Vitka Kempner (Hebrew: ויטקה קובנר; 14 March 1920, Kalisz – 2012) was a Polish Jewish partisan leader during World War II. She served in the United Partisan Organization (Fareynikte Partizaner Organizatsye) and, alongside Rozka Korczak and founder Abba Kovner, assumed a leadership role in its successor group, the Avengers (Nokmim).
Kempner was 19 when the Germans invaded Poland, and she fled to Vilnius, Lithuania. When Lithuania fell to the Germans eight months later, Kempner and tens of thousands of other Jews were forced into a ghetto, where she met Korczak and Kovner. During World War II, their United Partisan Organization, or the FPO, was one of the most famous and successful Jewish partisan groups during the war, responsible for acts of sabotage against the Nazis. Kempner played in integral leading role in the organization, and is famous for blowing up a Nazi train line with a homemade bomb. She and her compatriots smuggled weapons through the city's sewer system, Kempner eventually becoming one of Kovner's closest lieutenants.
After a failed ghetto revolt drove them out of Vilnius, the United Partisan Organization became the Avengers. This militia was based in Rudniki Forest, and from there, they continued to sabotage Nazi operations. They destroyed Vilnius's power and water systems, operating in secret and looting peasant homes to stay alive. They lived in the forest for nine months, until Vilnius was occupied by Soviet forces, aided by the partisans.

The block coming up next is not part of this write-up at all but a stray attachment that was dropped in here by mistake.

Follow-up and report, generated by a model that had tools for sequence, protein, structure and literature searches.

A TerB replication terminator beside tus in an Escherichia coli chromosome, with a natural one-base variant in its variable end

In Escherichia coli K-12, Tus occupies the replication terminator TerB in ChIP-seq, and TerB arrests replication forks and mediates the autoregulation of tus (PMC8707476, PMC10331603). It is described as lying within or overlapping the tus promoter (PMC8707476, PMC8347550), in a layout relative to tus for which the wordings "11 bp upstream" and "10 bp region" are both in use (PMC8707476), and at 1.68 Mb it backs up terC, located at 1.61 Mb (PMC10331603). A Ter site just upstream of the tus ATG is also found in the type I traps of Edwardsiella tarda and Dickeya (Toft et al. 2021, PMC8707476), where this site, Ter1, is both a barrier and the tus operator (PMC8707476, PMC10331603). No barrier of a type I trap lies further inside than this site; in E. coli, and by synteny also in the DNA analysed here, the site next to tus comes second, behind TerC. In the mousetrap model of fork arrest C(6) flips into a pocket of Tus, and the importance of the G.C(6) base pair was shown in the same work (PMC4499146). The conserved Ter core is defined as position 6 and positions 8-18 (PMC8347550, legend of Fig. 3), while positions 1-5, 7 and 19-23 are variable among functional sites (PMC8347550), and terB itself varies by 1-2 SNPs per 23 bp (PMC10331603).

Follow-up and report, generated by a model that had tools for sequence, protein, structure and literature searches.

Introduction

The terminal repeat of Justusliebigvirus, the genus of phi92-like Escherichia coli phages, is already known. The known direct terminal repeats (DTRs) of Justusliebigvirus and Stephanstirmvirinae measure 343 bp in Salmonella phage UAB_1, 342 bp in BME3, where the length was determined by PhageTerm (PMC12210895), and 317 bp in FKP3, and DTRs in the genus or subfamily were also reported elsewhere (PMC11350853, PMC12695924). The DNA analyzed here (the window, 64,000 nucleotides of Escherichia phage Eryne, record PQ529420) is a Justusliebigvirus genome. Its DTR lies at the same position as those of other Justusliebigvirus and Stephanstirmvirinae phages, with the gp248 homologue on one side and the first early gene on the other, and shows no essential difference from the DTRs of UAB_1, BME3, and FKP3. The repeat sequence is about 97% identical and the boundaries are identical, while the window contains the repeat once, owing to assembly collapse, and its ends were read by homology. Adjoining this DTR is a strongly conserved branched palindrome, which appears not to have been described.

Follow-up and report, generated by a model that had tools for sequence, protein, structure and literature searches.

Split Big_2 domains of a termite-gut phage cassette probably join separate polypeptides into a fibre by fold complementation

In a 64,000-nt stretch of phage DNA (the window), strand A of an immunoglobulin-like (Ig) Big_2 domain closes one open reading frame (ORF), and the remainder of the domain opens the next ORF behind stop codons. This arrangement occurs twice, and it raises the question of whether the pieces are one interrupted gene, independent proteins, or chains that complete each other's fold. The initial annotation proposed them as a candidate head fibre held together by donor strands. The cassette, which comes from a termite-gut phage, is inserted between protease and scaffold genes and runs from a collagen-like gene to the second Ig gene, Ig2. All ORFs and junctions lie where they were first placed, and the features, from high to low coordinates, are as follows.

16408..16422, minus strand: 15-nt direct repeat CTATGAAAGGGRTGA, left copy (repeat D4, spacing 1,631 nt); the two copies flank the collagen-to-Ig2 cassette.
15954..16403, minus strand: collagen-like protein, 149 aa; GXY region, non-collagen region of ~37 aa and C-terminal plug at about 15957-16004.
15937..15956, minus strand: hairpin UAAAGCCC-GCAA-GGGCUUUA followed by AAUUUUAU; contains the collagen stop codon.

After the war ended in 1945, Kempner and Kovner continued to fight against the Nazis. They helped evacuate hundreds of European Jews to British Palestine, which would later become Israel. Kovner also formed a new resistance group known as Nakam, or Revenge. Their goal was to take revenge on the Germans by poisoning the waterworks of important cities, but Kovner was arrested before they could put their plans to action. On April 13, 1946, Kempner and others infiltrated a bakery that supplied bread for Nazi POWs in Nuremberg. They coated 2,300 loaves of bread with arsenic before a guard was alerted and they were forced to flee. Many of the POWs fell ill, but none were reported dead.
Kempner and Kovner married in 1946. In the same year, they moved to British Palestine, where they had two children. Kovner became a poet, and Kempner a clinical psychologist. They had forty years together before Kovner died in 1987. Kempner died in her home in Israel in 2012.
Kempner is remembered in the song Shtil, di nakht iz oysgeshternt by Hirsh Glick, which celebrates her heroic attack on a German convoy in the Vilnius sector in 1942.